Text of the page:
The Six Million Dollar Man and The Bionic Woman were action-adventure stories. The Cy-Ops Sci-fi Romance series books are romances, focusing on the developing love relationship between the heroine and the cyborg hero who works for a secret military organization called Cyber Operations (Cy-Ops).
So, how much would a six million dollar man cost today? Factoring in inflation alone, a six million dollar man would cost $29 million in today’s dollars. However, due to technological and computer advancements, they would probably cost a lot more.

To get a feel for Claimed by the Cyborg below is an excerpt.

What the hell had gotten into these people? Wasn’t this supposed to be a friendly competition? There wouldn’t be any surprises. How could they get so emotional over a theatrical performance when they already knew the outcome?
Did they hate him because he was the challenger or because he was Terran? Even in silence, animosity fogged the arena like a heavy cloud.

At the officiant’s cue, March pivoted. The Sha’A’la was only a dramatic spectacle, but turning his back on a participant armed with a saber caused the hair on his nape to prickle. On the sixth step, as he’d seen practiced, he whipped around and charged, surprised to see Naimo closer than expected. Had he turned a step early?
Their blades connected and showered the air with sparks.

The crowd trilled with satisfaction.

His feet moved through the choreographed steps as he swung his blade to parry the thrusts of Naimo’s sword. Without a cyborg’s memory, following the routine would have been difficult. Though smaller, his opponent was strong and agile, his facial tension conveying a startling ferocity.

Naimo attacked with power and precision. Blades engaged in a loud clang of metal and a fiery glitter of sparks. From a foreigner’s viewpoint, March had misjudged the danger. One slip of the foot, one wrong twist of the wrist, and either of them could be injured.

Rocking from heel to toe, they darted back and forth, lunging and retreating. With a series of fast moves, March backed Naimo to the edge of the court and, with a swipe, nicked his arm as he’d seen rehearsed. Before the consort could claim his bride, his blood had to be spilled in her honor. Red spurted from the shallow wound, and the crowd hissed. If they’d disliked him before, they hated him now. He’d wounded their golden boy. That he’d been required to didn’t matter. He might need a protective detail to get off the planet alive.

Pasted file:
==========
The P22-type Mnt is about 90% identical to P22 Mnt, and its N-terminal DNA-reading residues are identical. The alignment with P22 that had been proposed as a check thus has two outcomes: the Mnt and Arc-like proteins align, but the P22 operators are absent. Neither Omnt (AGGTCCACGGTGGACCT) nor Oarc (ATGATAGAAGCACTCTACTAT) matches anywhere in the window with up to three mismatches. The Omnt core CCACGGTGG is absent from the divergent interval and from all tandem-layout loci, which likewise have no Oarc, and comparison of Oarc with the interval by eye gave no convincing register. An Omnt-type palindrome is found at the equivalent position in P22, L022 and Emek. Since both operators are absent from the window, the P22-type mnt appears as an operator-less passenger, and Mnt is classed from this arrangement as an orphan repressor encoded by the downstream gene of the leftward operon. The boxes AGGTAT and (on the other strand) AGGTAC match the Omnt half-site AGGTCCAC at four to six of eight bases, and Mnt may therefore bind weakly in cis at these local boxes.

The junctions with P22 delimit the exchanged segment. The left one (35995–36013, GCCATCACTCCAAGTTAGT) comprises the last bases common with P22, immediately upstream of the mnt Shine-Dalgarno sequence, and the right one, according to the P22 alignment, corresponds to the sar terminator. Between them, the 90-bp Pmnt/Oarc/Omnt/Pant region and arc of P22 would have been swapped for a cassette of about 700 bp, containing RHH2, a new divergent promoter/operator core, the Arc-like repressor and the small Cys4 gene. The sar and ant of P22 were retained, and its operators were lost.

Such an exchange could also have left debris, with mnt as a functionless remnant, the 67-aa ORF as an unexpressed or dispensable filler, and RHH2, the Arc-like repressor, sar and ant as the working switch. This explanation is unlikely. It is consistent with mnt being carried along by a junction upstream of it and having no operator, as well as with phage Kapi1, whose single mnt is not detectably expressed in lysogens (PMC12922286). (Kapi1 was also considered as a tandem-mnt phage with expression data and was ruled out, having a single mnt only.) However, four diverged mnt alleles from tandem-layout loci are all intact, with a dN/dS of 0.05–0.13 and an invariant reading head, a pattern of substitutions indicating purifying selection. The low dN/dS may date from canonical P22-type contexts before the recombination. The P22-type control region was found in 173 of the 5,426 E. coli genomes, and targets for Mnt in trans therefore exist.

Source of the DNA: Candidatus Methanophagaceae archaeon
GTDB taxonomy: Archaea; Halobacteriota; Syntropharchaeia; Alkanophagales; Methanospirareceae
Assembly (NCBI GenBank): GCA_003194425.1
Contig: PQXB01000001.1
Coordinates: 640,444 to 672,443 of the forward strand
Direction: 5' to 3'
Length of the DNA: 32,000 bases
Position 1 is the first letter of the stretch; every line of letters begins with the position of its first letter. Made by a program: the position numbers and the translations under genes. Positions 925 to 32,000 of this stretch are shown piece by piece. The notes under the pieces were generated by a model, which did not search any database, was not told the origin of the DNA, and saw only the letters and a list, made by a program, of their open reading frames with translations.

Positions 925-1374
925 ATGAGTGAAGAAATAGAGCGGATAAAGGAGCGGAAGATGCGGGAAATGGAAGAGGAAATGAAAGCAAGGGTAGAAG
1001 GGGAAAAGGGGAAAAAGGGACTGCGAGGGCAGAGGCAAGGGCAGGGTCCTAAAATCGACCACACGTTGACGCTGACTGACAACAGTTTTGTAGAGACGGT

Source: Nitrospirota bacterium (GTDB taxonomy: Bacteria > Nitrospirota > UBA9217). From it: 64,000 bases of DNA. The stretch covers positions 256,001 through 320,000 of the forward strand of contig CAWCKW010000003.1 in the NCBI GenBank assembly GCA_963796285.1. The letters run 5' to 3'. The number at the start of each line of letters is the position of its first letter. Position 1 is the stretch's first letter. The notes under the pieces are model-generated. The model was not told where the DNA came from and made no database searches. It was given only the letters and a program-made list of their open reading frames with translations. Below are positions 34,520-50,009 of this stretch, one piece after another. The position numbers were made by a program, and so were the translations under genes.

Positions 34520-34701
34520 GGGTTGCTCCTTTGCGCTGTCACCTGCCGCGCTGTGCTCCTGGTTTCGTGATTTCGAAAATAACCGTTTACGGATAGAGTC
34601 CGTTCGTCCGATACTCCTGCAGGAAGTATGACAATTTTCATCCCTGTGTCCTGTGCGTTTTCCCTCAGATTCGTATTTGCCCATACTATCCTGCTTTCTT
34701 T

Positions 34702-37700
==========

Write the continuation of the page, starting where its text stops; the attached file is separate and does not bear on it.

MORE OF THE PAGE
Claimed by the Cyborg

Claimed by the Cyborg

Amazon | iBooks | Kobo | Barnes & Noble
March Fellows assumed he had all the time in the galaxy to pursue a relationship with Jules, an alien exchange student from Xenia, until she vanished without a trace. After years of searching, he finds his lost love on the eve of her arranged marriage.

The daughter of the Xenian emperor, Julietta never meant to fall in love with a Terran man while visiting Earth. Leaving to fulfill her responsibilities on her home planet opened up a hole in her heart that could never be filled. When March, now a cyborg, unexpectedly shows up just before she is to be bonded, she struggles to find the courage to turn him away a second time and follow through with her duty. Before she can act, the lovers are thrust into a political conspiracy that threatens the Xenian empire and their lives.

About Cara Bristol
USA Today bestselling author Cara Bristol has been the no. 1 best seller in science fiction romance, bdsm erotica, and holiday fiction on Amazon. She’s the author of two science fiction romance series featuring tough alpha heroes: the Cy-Ops Sci-fi Romance cyborg series and the Breeder science fiction romance series, which emphasize character-driven stories written with a touch of humor and sizzling chemistry between the hero and heroine. Cara lives in Missouri with her own alpha hero, her husband.
Facebook Author Page:
Amazon Author Page:

Guest Post: The worlds of The Stuff of Legend

The Adventures of The Everyday Fangirl welcomes author Greta van der Rol as a guest blogger to talk about her latest book in the Ptorix Empire series, The Stuff of Legend

Take it away Greta!

The worlds of The Stuff of Legend by Greta van der Rol

Thanks for having me on your blog, Patty.

As you know, I’m almost as much of a Star Wars Fangirl as you are. However, today’s post is going to be a bit of geeky stuff about my latest book.

I’ve just published my latest book in the Ptorix Empire series, The Stuff of Legend. If you’ve read any of my books you’ll know I like to do some planet-hopping – in the best traditions of space opera. Many of my planets are, of necessity, habitable by humans, but for this book I wanted to get a little bit more exotic.